Botulism[edit]

A genome wide association study pointed to the rs362584 polymorphism in the gene as possibly associated with the personality trait neuroticism.[35] Botulinum toxins A, C and E cleave SNAP-25,[36] leading to paralysis in clinically developed botulism.

Epilepsy[edit]

Deletion of the SNAP-25b isoform has been shown to cause developmental abnormalities and seizures in mice. High levels of SNAP-25a and the protein syntaxin appear to be linked to seizures found in infantile-epilepsy. SNAP-25 knock-in mice have distinct phenotypic behavior similar to the fits and seizures of epileptic patients, as well as anxiety.[37]

Learning disabilities[edit]

In the coloboma hyperactive mutant mouse model where SNAP-25 protein levels are reduced to 50% of the normal level, depolarized neurotransmitter release of dopamine and serotonin were reduced as well as glutamate release. The reduction in glutamate levels can lead to deficient memory and increased learning disabilities.[38] Certain polymorphisms of SNAP-25 (rs363043, rs353016, rs363039, rs363050) have been shown to affect the cognitive behavior, specifically the Intelligence Quotient (IQ)), of patients without pre-existing neurological diseases.[39]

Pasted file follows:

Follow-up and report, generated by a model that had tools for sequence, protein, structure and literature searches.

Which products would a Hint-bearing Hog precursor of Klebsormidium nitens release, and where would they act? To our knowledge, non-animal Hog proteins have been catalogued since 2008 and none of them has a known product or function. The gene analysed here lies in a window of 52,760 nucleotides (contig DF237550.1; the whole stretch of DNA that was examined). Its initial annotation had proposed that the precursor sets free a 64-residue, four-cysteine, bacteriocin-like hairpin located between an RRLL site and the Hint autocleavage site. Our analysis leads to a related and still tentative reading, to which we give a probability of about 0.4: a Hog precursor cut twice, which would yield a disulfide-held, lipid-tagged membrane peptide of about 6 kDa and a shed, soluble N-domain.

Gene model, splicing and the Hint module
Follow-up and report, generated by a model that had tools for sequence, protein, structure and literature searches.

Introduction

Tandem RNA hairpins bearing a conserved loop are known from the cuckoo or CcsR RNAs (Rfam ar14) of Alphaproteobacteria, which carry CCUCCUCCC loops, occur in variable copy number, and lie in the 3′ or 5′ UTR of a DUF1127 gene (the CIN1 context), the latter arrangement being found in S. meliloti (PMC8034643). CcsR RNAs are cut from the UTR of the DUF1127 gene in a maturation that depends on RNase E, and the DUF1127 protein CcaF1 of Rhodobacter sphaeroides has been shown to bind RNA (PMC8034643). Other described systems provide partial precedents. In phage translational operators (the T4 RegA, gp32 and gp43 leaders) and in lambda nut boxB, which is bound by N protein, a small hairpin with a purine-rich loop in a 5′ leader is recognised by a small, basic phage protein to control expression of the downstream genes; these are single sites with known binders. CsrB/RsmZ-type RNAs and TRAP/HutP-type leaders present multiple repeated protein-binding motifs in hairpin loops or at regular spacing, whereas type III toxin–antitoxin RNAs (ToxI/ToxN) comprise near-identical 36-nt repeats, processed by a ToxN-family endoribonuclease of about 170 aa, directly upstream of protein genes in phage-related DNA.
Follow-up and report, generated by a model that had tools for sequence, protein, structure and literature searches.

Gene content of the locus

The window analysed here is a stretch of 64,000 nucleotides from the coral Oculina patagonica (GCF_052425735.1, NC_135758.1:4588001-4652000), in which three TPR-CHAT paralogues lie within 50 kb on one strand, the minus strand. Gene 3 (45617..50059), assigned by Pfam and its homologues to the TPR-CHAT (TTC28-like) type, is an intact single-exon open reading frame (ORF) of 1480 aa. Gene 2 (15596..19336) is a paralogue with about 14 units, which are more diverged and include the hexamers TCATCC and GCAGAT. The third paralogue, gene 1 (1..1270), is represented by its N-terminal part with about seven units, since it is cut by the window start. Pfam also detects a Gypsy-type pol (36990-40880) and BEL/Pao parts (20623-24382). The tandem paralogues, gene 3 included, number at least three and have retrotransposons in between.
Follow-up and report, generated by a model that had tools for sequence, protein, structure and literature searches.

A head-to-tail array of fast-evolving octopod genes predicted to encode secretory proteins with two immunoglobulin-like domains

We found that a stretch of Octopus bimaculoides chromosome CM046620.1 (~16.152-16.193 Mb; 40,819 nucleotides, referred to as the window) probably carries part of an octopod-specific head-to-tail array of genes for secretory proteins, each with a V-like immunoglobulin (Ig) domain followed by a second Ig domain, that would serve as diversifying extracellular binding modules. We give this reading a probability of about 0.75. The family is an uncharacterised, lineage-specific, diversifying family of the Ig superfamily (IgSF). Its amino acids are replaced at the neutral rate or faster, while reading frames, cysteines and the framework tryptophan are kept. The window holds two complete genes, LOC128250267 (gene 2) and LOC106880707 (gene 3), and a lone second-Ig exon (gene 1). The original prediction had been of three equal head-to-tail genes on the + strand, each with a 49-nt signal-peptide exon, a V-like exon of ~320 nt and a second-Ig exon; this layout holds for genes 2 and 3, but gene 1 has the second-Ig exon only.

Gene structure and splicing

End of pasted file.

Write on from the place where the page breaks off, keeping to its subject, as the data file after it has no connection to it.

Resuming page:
Neonatal development[edit]

SNAP-25 protein expression can be altered by sex hormone levels in neonatal rats. Male rats that received an antiestrogen drug showed a 30% decrease in SNAP-25 levels and females treated with estrogen or testosterone showed a 30% increase in SNAP-25 levels.[40] This suggests that synaptosomal proteins, such as SNAP-25, may have a dependence on neonatal hormone levels during brain development in rats. An additional study, showed that SNAP-25 levels in the hippocampus of the brain in neonatal mice were altered if the mother had been exposed to human influenza virus during pregnancy.[41]

Impact in other non-humans[edit]

Loss is lethal to Drosophila, but can be fully substituted by overexpression of the related SNAP-24.[10]

Interactive pathway map[edit]

Click on genes, proteins and metabolites below to link to respective articles.[§ 1]

[[File:
NicotineDopaminergic_WP1602go to articlego to articlego to articleGo to articlego to articleGo to articleGo to articlego to articlego to articlego to articlego to articlego to articlego to articlego to articlego to articlego to articlego to articlego to articleGo to articlego to articlego to articlego to articlego to articleGo to articleGo to articlego to articleGo to articleGo to articleGo to articlego to articleGo to articleGo to articleGo to articlego to articlego to articlego to articlego to articlego to articlego to articleGo to articlego to articleGo to articleGo to articlego to articlego to articleGo to articlego to articleGo to articleGo to articlego to article
[[
]]
[[
]]
[[
]]
[[
]]
[[
]]
[[
]]
[[
]]
[[
]]
[[
]]
[[
]]
[[
]]
[[
]]
[[
]]
[[
]]
[[
]]
[[
]]
[[
]]
[[